Let these 11 inspiring talks from the smartest UX and Usability people on the planet motivate you for your upcoming user experience and user research efforts.
Listen up and let the learning begin.
3 ways good design makes you happy by Don Norman
In this TED talk from 2003, design critic Don Norman turns his incisive eye toward beauty, fun, pleasure and emotion, as he looks at design that makes people happy.
I really have the feeling that pleasant things work better, and that never made any sense to me until I finally figured out. Don Norman
He names the three emotional cues that a well-designed product must hit to succeed.
The surprising truth about what motivates us by Daniel Pink
Good user experience design motivates people to reach their goals. Daniel Pink provides concrete examples of how intrinsic motivation functions.
“Greatness and nearsightedness are incompatible. Meaningful achievement depends on lifting one’s sights and pushing toward the horizon.”Daniel Pink
Simplicity Matters by Rich Hickey
When a software developer speaks about the importance of simplicity you have to listen.
“If you’re building software, there is a certain point where you’ll be dominated by complexity.”Rick Hickey
Rich Hickey is a software developer with over 20 years of experience and has worked on scheduling systems, broadcast automation, audio analysis and fingerprinting, database design, yield management, exit poll systems, and machine listening, in a variety of languages.
The quest for Emotional Engagement by Stephan Anderson
In this session, speaker Stephen P. Anderson will share several examples of how we can take forms, lists and other kinds of information and redesign them to help people make informed choices and connect emotionally with the information being presented.
Three insights for UX researchers about getting buy-in by Tomer Sharon
Do you know the most important questions to ask stakeholders before starting a research-project?
No? Watch this talk by Tomer Sharon, Senior User Experience Researcher at Google, and learn how to finally get stakeholder buy-in for your UX research project.
Keynote on User Experience by Bill Buxton
This definitely is one of my favourite talks. Bill Buxton rocks the stage with his energy and enthusiasm and makes a great point on the importance of user experience in marketing.
“Technology is not the product. The experience, that it engenders is.”Bill Buxton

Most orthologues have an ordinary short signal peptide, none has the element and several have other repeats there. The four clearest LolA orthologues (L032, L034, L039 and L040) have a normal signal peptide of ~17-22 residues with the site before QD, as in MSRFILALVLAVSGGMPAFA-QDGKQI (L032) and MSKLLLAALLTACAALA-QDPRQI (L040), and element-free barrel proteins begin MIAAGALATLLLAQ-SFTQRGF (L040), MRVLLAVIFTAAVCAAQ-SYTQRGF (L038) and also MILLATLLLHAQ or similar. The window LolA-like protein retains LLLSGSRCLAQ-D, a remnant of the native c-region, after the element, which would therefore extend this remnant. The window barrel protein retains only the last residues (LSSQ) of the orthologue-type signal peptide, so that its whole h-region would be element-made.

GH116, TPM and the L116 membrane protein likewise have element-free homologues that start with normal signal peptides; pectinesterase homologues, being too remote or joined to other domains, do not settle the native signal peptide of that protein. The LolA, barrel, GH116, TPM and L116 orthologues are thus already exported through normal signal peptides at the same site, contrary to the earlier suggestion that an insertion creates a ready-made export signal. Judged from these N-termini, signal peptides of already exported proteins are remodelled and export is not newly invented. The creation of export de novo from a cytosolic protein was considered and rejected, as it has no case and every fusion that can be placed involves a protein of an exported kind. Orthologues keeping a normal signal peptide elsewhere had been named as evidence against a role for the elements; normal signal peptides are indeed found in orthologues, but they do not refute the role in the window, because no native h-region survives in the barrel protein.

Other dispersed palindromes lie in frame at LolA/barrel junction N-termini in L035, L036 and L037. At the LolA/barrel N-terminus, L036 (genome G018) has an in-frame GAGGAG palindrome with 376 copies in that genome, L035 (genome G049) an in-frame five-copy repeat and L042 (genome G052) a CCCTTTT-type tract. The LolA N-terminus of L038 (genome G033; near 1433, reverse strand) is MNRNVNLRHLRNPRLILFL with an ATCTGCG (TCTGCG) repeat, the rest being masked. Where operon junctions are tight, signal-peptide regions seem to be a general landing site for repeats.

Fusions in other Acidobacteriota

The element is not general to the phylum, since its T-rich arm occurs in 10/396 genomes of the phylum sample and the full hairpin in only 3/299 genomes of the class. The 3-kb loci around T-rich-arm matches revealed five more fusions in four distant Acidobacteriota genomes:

If you haven’t already I strongly suggest checking out his book and learn the difference between getting the design right and the right design.
The future of search by Peter Morville
Peter Morville is a writer, speaker, and consultant. His bestselling books include Information Architecture for the World Wide Web and Ambient Findability.
“Findability precedes usability. In the alphabet and on the Web. You can’t use what you can’t find.” Peter Morville
In his talk he defines a pattern language for search and discovery that embraces user psychology and behavior, multisensory interaction, and emerging technology. He shows design principles and methods for creating the search applications of tomorrow.
Beautiful Evidence by Edward Tufte
Tufte is an expert in the presentation of informational graphics such as charts and diagrams.
“Design isn’t crafting a beautiful, textured button with breathtaking animation. It’s figuring out if there’s a way to get rid of the button altogether.” Edward Tufte
The New York Times has described Edward Tufte as “The Leonardo Da Vinci of Data”.
Building Habit Forming Products by Nir Eyal
Nir is the author of Hooked: How to Build Habit-Forming Products and has taught at the Stanford Graduate School of Business.
“We often think the Internet enables you to do new things … But people just want to do the same things they’ve always done.” Nir Eyal, Hooked: How to Build Habit-Forming Products
His “Hooked” model applies cognitive psychology to create behavior forming products to impact user day to day life.
Why you should hire a milkshake by Clayton Christensen
Clayton explains the concept of job stories for product development. He shows how asking the right questions during customer research can lead to a totally different perspective on an existing product.
“And he asked the people: Excuse me, could you explain to me what job you wanted to get done for yourself when you came here to hire that milkshake?” Clayton Christensen, why you should hire a milkshake
The 7 deadly sins of user research by David Travis
David has worked in the fields of human factors, usability and user experience and has published two books on usability.
In this presentation, he talks about the common problem of asking people what they want and believing the answers plus other deadly sins of user research.
“The first rule of finding out what people want: Don’t ask what people want.” David Travis, The 7 deadly sins of user research
Make sure you check out his usability online courses on usability testing and user experience. This is money very well spend.
More Usability and User Experience Talks
UX Week Talks on Vimeo
TED Talks: Design
Am I missing your favorite usability or user experience talk? Drop me a line in the comments!